When Josh Nicholas visited Japan, he didn’t want to pay for one of the country’s notoriously expensive hotels, but he also wanted to avoid “dingy” hostels.
So he stayed in a micro hotel — in a small “pod” containing a bed and very little else.
“Hostels are a bit dingy and in weird places, and hotels are way too expensive for people in my age group,” he said.
“I’d heard about them [micro hotels] before and I just wanted to try it. It really just served a function — I got there, went to sleep and left,” he said.
A capsule hotel in Japan, perhaps the original form of micro accommodation. (Twitter: AvAntilog)
The minimalist, budget accommodation movement is spreading across the United States, Europe and Asia — and now a proposal for Melbourne’s first micro hotel is before the city’s council.
If successful, the 140-room, 12-storey hotel would replace the old Theosophical Society building on Russell Street in the CBD.
“It’s a trend that has really grabbed hold in global cities around the world,” Victorian Tourism Industry Council chief executive Felicia Mariani said.
Guest rooms at the micro hotel would be 18 square metres. That’s just over double the minimum size requirements for a habitable room under Victoria’s building regulations.
“This is just another iteration of the consumer saying ‘we want something different for my needs and values’ and the tourism market has again responded to that,” Ms Mariani said.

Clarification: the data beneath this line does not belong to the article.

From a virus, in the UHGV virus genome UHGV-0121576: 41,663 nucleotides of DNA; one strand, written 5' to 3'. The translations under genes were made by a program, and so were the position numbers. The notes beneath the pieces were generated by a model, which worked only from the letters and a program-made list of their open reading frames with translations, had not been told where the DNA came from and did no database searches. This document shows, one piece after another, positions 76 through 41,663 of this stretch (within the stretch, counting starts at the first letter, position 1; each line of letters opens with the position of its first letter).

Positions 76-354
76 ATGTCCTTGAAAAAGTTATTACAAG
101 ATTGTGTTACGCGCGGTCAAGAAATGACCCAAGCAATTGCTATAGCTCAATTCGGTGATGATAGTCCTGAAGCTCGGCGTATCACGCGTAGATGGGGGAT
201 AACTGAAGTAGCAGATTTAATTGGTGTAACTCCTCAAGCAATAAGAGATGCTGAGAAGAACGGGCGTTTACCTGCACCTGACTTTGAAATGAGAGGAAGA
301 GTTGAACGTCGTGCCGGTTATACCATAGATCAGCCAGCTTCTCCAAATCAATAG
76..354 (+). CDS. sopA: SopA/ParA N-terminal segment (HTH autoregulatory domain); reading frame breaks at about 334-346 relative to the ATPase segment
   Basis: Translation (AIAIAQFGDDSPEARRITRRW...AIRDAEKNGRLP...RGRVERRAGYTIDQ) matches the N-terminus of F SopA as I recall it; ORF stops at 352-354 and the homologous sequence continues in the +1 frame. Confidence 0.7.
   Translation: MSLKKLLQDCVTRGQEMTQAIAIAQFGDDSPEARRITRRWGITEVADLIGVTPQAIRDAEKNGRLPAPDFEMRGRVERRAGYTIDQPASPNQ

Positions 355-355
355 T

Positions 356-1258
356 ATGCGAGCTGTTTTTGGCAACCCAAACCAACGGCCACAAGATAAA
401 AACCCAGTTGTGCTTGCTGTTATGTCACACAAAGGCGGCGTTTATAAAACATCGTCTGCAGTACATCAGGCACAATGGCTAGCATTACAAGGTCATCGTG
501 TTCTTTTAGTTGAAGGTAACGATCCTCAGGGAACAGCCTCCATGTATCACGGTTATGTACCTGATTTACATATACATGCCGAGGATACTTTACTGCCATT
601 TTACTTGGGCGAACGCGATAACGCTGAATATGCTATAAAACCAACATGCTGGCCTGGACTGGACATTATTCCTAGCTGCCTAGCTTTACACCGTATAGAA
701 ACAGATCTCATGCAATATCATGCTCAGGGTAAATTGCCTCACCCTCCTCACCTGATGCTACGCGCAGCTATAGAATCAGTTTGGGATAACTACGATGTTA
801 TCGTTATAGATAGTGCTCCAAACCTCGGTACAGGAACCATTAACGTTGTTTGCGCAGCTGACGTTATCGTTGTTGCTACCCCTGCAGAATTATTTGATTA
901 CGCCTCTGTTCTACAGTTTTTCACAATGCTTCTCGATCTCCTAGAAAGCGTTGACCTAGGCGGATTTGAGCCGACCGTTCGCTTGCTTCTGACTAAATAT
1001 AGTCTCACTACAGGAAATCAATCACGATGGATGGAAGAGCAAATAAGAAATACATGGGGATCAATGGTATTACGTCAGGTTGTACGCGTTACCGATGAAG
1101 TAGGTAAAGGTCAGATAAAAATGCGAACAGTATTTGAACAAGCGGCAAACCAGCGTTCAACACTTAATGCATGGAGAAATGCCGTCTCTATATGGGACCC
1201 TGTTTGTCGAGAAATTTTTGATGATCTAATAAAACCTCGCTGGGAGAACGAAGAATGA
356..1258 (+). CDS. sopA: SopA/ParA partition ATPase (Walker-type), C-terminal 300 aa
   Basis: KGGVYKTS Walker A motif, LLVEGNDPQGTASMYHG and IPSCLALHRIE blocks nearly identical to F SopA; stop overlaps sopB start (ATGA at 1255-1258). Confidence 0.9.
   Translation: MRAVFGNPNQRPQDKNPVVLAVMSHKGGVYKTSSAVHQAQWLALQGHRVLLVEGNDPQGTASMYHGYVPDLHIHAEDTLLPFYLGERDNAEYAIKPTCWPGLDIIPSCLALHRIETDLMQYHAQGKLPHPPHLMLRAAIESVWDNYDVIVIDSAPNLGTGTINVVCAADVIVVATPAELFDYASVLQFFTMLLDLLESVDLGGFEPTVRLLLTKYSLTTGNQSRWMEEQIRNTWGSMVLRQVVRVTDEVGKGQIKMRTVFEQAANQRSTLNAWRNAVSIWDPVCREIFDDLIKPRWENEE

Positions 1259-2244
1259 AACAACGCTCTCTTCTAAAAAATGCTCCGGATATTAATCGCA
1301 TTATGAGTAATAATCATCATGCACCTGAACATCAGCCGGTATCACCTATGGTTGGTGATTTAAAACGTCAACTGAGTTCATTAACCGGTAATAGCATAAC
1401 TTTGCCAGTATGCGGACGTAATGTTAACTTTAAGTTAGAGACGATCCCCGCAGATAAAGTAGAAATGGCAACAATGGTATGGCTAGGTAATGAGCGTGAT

The hotel is a collaboration between architecture firms Buchan and Nikken Sekkei.
Plans submitted to council pitch the project as a response to market demand for micro and boutique hotels.
An artist’s impression of the Tribe Hotel’s proposed operation in Russell Street, Melbourne. (Supplied: Tribe Hotel)
The document shows the hotel would forego lavish, opulent suites in favour of economical, compact rooms, as a response to the rising cost of land in large cities.
Ms Mariani said traditional operators should not be worried about micro hotels entering the market as they would supplement rather than disrupt the industry.
“It’s not for everyone. There’s always going to be a place for luxury accommodation, there’s always going to be a place for mid-level accommodation,” she said.
“People still expect good service, a good quality and good experience — they’re just expected to pay for that at varying levels.”
Hotel room boom
Growth in Melbourne’s tourism industry has made it an international city, according to the city council.
Central Melbourne had 13 million visitors in 2017, a figure that is expected to grow about 9 per cent each year.
“The tourism boom isn’t just a boom by Australian standards — it’s a really global boom. There’s not too many places in the world you go to and see 9 per cent growth,” Councillor Nicholas Reece said.
While the council could not confirm when construction on the Russell Street micro hotel would begin, data shows there are more than 15 similar projects in the pipeline.
“We do need to invest in more infrastructure to accommodate that growth … make hotel rooms and create other amenities that we want visitors to the city to enjoy,” Councillor Reece said.
“Occupancy rates in the city are very high, we know we need more hotel rooms in the city and we’re keen to see more projects going ahead.”